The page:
Why should you oppose AT&T’s bid to kill traditional home phone service in its Illinois territory—even if you don’t own a landline? First, it might be helpful to know what the phone giant wants out of legislation in Springfield.
AT&T is pushing two bills: Senate Bill 1381 and House Bill 2691. Those bills would:
- Ditch the “Obligation to Serve” requirement. Current state law requires AT&T to offer service to all customers in its Illinois territory. But AT&T’s plan would strip the state of that authority, ceding jurisdiction to federal bureaucrats. That would open the door for the company to end traditional home phone service (landlines) for customers, potentially cutting them off from affordable phone choices and reliable connections to emergency services.
- Abolish low-cost calling plans. Illinois law mandates that AT&T offer the low-cost “Consumer’s Choice” plans, which were created by CUB under a legal settlement with the company. These phone deals are currently under a state-mandated price freeze, capped at about $3-20 a month, but AT&T wants permission to drop them.
5 reasons why AT&T’s plan is bad for consumers
1) Millions of Illinoisans depend on traditional home phone service. For many seniors, rural residents and low-income families, traditional phone service is the most reliable, affordable lifeline to vital services such as 911, home security and medical monitoring. AT&T’s legislation would leave some families and retirees stranded in a telephone void, where cellphone service is inconsistent at best. Not only could that cut them off from communicating with loved ones, but it could also leave them dangerously disconnected from first-responders.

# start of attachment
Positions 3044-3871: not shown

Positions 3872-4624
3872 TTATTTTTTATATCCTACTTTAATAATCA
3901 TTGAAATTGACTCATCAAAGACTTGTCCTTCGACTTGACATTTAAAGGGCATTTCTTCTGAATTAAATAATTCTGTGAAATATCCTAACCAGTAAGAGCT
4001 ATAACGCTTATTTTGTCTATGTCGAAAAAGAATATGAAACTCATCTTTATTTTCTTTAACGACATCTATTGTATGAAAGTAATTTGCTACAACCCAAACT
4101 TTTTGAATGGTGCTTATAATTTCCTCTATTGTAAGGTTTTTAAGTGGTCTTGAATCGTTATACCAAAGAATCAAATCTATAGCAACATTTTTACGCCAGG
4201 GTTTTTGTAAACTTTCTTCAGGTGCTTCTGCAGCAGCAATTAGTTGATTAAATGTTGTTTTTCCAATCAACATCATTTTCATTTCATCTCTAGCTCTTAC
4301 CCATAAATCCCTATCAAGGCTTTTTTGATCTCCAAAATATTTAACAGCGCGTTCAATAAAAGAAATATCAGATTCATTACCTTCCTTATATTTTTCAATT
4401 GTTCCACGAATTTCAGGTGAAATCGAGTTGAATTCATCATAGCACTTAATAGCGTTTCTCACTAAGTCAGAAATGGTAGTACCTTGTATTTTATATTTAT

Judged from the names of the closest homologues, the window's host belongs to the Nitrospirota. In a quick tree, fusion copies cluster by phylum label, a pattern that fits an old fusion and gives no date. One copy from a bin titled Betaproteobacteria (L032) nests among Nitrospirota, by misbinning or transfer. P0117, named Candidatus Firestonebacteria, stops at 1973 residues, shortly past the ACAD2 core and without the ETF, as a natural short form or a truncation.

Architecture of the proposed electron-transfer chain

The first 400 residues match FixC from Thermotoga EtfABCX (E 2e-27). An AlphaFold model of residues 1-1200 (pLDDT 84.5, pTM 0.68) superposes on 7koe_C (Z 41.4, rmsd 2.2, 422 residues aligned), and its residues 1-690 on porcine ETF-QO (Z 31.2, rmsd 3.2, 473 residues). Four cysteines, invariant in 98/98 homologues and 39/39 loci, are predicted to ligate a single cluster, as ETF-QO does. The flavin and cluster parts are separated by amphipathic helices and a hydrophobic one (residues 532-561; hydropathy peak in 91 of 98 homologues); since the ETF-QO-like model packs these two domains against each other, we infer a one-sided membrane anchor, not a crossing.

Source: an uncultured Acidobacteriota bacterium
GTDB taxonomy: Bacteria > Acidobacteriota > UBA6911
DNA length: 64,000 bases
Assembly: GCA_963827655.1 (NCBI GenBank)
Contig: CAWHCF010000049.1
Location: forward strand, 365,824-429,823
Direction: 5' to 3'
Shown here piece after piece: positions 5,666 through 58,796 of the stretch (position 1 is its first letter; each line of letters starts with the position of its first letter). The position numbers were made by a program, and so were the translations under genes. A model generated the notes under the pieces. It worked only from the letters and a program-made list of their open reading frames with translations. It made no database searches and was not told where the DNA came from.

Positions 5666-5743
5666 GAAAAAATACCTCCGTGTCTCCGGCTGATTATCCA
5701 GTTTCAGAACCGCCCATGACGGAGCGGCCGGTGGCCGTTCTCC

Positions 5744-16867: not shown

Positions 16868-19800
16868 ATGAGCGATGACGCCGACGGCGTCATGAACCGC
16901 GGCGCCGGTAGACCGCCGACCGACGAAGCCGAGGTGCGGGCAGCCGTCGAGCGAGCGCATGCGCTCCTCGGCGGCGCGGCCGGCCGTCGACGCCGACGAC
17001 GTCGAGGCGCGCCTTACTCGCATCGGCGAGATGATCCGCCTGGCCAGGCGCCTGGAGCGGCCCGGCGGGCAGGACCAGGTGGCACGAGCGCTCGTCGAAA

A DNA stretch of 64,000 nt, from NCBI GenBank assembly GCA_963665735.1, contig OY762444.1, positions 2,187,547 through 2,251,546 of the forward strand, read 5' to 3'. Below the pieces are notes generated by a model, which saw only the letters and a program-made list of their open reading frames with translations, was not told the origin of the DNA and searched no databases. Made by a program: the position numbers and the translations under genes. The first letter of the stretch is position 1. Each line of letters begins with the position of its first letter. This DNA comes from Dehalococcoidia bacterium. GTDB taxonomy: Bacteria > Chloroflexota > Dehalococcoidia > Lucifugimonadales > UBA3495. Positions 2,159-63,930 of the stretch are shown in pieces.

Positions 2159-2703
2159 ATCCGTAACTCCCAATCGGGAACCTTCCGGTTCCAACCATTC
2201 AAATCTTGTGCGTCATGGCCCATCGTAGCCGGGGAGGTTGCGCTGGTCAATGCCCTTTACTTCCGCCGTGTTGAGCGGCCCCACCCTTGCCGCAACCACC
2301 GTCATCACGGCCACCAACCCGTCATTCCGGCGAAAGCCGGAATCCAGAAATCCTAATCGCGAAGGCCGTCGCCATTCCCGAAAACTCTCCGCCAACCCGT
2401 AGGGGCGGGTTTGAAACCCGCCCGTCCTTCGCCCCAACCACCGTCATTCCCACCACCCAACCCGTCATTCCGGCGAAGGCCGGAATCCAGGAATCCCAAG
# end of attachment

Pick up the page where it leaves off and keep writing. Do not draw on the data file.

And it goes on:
2) AT&T’s plan would be expensive. AT&T wants to kick people off the low-cost Consumer’s Choice calling plans, and that will directly lead to increased phone bills. AT&T’s business model is to force customers onto more expensive Internet-based or wireless substitutes.
3) AT&T’s plan is unreliable. Traditional home phone service doesn’t go out during power outages or suffer from dropped calls.
4) AT&T’s plan is anti-competition. In many parts of the state, telecom competition is anemic, and AT&T’s plan would limit it even more. Stripped of traditional phone service, customers could be forced to choose expensive and less-reliable wireless phone service, computer-based telecommunications or bloated cable “triple play” packages. A multi-billion-dollar company shouldn’t be allowed to restrict telecom choices, especially for people who depend on home phone service.
5) AT&T’s plan isn’t necessary. AT&T, which made $13 billion in profits last year, is a healthy company and shouldn’t turn its back on some of its most loyal customers—many of whom are most in the need of reliable, affordable home phone service.
What can you do?